Earlier I said I was missing parts of the story being framed up in Jonathan Hickman’s New Avengers series, volume two, called Infinity. That missing part was something like the whole backside of a house. I feel as if I’ve read three Longest-Day-style war stories back to back, and I’m glad I didn’t borrow this collection of issues before reading Everything Dies. While that collection begins with a page telling part of a previously told story, those details introduced the opening scene neatly. Whenever you pick up a comic book that is not issue one, you should assume you’re stepping into the middle of a story at some point.
Infinity by Hickman, Spencer, Latour, and many illustrators begins at issue seven in the series I’ve been reading and issue fourteen in a separate series, so yeah, if I was inclined to be lost by characters I’ve never even heard scant rumor of, then I’d be lost like the shed key I thought I put in the drawer back in October and, I assume, has since been borrowed by the little people of the house.
There’s no way to summarize this book, but I can say its plot is instigated by the loss of the infinity gems I alluded to in the other post. When the gems were used, it appears at least three powerful beings, Thanos among them, noticed immediately. War is raging through the universe, and Thanos looks over Earth and sees an opportunity to accomplish one of his life ambitions–to kill his son.
The battles are legitimately marvelous, and Captain America shines as the man who sees the winning strategy when brute force has been beaten against the wall. But sometimes the more powerful characters appear to be holding back.
One young man, maybe fifteen years old, is known by many others as having great, cosmic power, but he doesn’t know it himself. So when he has to be coached into using his strength, there’s a sense to it; when other characters use their fists until they are almost struck down before ka-booom! they let loose their unique power, I’m left wondering why they didn’t do that to begin with.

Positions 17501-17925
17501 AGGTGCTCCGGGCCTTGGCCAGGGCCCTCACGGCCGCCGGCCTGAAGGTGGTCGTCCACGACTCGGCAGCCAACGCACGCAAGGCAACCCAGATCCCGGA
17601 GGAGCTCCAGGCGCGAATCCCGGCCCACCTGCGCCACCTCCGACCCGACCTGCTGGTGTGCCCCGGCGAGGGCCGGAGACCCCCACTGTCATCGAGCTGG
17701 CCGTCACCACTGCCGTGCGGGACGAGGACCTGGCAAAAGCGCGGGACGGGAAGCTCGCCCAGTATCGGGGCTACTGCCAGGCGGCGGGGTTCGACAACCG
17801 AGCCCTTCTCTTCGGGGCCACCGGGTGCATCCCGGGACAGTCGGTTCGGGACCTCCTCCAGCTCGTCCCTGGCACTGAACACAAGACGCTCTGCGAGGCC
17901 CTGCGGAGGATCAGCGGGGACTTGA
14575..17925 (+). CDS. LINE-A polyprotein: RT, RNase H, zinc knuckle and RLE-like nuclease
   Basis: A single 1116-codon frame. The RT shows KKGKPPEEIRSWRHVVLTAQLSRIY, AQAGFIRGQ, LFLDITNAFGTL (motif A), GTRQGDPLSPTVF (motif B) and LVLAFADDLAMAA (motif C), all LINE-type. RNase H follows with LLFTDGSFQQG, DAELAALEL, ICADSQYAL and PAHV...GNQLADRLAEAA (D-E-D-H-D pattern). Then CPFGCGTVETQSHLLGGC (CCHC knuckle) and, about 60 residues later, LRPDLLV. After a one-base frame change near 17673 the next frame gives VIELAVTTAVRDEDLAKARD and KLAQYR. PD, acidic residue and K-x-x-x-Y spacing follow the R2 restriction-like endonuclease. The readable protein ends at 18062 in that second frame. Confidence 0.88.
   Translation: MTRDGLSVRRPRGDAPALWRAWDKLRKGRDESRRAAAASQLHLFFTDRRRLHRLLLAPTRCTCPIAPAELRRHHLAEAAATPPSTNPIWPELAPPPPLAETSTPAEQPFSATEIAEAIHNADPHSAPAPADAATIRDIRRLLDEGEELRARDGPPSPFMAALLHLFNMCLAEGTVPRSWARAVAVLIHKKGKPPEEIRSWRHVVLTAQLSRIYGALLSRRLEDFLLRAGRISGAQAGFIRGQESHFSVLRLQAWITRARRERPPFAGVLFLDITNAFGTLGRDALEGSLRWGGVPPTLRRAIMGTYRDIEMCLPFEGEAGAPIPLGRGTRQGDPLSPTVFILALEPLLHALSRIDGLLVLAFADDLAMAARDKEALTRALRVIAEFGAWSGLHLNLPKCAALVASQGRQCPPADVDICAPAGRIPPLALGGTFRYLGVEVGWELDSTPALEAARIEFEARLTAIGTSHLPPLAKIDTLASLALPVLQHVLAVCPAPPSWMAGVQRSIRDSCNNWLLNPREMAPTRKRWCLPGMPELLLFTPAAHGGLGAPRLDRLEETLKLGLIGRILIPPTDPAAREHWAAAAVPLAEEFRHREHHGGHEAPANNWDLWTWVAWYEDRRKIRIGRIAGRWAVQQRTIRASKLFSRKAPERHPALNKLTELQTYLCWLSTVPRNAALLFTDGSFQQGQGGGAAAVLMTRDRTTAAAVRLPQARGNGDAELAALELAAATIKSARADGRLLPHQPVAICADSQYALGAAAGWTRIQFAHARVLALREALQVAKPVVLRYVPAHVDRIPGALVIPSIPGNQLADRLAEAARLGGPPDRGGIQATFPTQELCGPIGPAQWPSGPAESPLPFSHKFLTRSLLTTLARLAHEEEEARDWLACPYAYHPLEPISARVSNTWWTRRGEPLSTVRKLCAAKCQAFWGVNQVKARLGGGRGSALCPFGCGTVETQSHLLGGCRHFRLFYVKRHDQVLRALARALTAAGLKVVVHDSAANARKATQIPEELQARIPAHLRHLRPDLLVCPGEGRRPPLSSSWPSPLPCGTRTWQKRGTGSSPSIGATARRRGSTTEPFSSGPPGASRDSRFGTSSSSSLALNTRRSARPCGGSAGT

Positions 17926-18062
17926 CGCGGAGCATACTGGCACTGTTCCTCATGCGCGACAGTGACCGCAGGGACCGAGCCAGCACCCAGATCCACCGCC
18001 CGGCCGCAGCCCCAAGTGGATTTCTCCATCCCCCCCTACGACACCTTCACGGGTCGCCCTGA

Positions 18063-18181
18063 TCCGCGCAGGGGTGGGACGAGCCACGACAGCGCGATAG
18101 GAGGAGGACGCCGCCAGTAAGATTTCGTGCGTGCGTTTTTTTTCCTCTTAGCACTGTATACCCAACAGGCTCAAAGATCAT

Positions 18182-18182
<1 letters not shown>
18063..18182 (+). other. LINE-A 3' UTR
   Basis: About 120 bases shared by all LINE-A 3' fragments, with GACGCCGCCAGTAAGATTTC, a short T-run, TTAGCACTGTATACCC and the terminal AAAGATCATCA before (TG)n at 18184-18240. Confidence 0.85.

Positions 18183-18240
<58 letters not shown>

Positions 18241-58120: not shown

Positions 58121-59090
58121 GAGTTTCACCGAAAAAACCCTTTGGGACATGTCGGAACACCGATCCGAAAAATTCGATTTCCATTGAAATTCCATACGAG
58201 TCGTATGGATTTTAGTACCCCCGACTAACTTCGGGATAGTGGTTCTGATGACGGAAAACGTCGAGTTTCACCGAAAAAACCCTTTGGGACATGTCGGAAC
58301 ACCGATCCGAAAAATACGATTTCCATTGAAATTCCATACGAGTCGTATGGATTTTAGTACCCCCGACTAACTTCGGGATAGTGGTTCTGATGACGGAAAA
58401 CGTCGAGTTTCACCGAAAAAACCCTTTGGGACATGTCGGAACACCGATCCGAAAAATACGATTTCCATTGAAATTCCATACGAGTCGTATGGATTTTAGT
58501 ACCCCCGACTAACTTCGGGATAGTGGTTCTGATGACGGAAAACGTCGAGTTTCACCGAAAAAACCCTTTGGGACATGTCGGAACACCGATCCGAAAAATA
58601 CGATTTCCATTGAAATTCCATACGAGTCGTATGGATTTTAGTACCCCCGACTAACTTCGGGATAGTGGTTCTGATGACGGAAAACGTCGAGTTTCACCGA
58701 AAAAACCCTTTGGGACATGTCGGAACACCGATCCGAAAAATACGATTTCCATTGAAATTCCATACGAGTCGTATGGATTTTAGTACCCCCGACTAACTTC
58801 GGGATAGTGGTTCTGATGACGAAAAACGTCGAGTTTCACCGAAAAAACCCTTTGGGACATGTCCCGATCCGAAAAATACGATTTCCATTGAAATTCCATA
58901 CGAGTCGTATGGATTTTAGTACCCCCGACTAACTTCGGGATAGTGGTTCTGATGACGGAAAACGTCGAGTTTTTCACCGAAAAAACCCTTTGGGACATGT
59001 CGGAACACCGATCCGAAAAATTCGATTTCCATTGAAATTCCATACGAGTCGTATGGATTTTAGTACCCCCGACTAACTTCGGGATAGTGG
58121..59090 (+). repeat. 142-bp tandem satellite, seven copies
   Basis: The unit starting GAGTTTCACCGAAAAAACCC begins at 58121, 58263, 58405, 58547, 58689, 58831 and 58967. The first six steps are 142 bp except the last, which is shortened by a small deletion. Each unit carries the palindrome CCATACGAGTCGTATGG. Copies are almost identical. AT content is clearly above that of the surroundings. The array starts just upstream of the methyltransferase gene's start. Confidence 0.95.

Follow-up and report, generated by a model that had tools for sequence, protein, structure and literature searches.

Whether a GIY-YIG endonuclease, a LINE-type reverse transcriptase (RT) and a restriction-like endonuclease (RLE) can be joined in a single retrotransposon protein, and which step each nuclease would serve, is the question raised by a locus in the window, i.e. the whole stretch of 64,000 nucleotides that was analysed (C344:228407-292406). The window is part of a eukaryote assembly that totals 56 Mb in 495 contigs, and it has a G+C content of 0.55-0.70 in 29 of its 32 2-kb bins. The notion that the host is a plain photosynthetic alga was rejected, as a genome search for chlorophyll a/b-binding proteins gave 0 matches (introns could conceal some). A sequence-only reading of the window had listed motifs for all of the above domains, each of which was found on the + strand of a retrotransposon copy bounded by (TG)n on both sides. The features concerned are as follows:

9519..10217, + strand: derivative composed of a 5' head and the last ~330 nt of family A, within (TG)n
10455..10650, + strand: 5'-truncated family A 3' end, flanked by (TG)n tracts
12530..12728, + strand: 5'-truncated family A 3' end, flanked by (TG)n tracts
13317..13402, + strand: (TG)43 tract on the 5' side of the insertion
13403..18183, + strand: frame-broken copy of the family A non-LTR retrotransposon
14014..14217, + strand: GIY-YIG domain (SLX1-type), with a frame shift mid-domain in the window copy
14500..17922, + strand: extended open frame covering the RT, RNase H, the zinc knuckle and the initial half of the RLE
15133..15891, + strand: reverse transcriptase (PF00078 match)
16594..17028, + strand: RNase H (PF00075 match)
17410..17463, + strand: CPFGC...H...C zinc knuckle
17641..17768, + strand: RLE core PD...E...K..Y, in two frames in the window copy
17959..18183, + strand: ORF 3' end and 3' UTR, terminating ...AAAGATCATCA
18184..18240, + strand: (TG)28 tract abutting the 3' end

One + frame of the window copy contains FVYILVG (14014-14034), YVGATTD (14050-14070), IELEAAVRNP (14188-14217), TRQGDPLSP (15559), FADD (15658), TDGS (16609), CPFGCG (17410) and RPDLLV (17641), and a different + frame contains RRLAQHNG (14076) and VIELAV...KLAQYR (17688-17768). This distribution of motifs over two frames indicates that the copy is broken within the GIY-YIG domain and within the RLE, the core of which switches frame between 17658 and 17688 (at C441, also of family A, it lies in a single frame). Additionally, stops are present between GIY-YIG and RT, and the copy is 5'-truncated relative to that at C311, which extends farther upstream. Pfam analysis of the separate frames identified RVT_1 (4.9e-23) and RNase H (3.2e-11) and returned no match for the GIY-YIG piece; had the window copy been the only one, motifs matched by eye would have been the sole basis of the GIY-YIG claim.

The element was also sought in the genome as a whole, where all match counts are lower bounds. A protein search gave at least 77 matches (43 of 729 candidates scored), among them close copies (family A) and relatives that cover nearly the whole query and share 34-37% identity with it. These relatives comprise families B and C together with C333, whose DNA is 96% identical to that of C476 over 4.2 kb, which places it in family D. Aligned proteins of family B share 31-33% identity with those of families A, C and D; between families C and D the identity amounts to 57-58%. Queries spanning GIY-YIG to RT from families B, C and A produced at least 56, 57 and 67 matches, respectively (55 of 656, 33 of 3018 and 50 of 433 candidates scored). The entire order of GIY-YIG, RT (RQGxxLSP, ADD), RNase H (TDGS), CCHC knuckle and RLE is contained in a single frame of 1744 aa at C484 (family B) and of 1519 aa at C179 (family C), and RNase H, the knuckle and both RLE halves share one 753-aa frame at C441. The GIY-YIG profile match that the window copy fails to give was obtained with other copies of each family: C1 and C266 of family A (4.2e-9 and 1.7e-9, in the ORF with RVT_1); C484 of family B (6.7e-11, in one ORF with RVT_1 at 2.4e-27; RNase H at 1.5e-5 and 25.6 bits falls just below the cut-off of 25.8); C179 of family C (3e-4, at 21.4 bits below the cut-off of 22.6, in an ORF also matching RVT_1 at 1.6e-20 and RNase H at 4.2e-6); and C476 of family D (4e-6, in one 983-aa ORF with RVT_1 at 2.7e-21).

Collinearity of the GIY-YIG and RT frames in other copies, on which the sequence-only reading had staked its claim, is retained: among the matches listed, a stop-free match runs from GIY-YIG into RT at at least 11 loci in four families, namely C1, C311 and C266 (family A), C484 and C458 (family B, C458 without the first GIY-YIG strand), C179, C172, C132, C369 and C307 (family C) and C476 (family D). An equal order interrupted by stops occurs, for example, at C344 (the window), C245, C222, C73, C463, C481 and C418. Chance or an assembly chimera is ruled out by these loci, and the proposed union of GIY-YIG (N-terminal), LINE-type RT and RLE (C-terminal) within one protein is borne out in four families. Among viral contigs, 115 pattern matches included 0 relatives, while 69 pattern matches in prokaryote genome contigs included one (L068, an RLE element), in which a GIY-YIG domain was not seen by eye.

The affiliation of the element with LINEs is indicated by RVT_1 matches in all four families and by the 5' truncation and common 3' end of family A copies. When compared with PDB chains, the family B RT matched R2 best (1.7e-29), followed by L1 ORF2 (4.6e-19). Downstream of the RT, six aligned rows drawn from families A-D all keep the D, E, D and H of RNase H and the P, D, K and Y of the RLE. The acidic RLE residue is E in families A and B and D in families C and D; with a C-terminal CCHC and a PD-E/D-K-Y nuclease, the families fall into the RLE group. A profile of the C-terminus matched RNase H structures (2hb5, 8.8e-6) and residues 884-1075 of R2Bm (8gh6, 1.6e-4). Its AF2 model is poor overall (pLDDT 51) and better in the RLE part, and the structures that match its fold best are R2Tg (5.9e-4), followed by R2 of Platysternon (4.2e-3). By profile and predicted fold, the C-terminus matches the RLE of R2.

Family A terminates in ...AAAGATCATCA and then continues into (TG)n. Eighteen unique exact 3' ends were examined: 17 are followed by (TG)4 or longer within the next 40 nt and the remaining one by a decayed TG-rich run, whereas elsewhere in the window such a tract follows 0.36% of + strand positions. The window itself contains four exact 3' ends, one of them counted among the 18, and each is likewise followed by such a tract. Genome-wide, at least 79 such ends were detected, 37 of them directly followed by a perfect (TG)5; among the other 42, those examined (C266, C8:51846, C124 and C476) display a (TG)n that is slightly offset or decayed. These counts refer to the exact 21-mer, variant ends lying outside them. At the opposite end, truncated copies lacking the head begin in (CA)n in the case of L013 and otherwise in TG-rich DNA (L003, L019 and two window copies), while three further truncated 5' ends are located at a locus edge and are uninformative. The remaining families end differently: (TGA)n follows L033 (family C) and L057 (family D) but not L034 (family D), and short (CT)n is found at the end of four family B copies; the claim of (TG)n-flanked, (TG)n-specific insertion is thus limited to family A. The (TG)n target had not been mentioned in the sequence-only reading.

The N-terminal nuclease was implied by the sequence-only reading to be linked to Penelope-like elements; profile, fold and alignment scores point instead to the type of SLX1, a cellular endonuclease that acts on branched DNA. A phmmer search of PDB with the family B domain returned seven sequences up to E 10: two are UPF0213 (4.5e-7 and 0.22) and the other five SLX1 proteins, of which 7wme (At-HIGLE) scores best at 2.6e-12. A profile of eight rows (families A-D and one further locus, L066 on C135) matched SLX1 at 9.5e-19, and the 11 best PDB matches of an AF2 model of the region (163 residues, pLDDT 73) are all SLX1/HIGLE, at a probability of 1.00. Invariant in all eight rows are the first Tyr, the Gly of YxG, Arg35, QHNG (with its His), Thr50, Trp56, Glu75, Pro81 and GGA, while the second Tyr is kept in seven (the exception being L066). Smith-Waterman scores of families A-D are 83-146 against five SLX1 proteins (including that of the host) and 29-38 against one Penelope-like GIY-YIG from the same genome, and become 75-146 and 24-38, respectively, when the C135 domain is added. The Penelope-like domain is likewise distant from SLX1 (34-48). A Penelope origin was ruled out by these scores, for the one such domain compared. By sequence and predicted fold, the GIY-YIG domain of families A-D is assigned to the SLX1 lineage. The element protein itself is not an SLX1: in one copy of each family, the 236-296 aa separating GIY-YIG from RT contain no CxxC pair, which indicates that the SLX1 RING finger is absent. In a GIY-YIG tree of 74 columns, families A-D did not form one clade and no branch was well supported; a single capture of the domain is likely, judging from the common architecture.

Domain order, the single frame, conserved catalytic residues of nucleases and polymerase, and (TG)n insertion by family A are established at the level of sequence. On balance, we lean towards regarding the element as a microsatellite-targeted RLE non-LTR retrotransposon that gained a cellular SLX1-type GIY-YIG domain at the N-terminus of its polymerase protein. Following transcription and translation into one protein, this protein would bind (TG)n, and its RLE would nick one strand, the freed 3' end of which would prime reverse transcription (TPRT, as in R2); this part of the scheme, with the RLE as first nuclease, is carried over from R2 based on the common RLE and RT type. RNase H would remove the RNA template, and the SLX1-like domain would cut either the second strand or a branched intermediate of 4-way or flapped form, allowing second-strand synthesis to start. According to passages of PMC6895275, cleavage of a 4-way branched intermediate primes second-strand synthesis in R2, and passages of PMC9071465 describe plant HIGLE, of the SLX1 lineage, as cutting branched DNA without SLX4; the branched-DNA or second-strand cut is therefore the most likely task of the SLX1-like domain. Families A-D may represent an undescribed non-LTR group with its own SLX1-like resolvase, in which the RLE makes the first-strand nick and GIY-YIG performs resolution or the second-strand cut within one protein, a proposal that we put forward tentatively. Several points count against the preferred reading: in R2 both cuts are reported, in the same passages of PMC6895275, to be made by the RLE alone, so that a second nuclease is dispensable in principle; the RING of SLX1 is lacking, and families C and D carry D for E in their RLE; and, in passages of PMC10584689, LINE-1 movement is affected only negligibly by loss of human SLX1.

I assume this book reflects Marvel’s mythological metanarrative accurately, but that narrative may not be neatly defined. There are plenty of cosmic beings, one of whom is a beautiful woman who apparently created everything. The great enemy that brings so many disparate empires and heroes together to oppose it claims to be agents of evolution, destroyers and creators as they deem appropriate. They note they were created by the universal mother and have since rejected her. At another time, as she lay unconscious, the heroes repeat the main refrain of these books, that everything dies–men, worlds, gods, and galaxies. We’re all just dust in the wind, I suppose.
So what’s the point of it all? asks a younger team member, an Australian named Eden. “How do you make sense of it? Fate? Faith?”
“Don’t over-mythologize it, kid,” says Captain Marvel. Just hit the other guy harder than he hits you.
That’s right, replies Captain America. “There is no hero’s journey … There’s just life and how we choose to live it.” Do what you’re supposed to do next, because we all need each other to do our best.
They step away and Thor steps in, saying they couldn’t be more wrong. All of us, gods, men, and every other creature, will live and die for a purpose. The universe has “put the world in our very hands. It is a test for titans … and only we can save it.” We were born for this.
I suppose that boils down to a faith in the fist, our manifest destiny. I think that’s the same argument the bad guys have.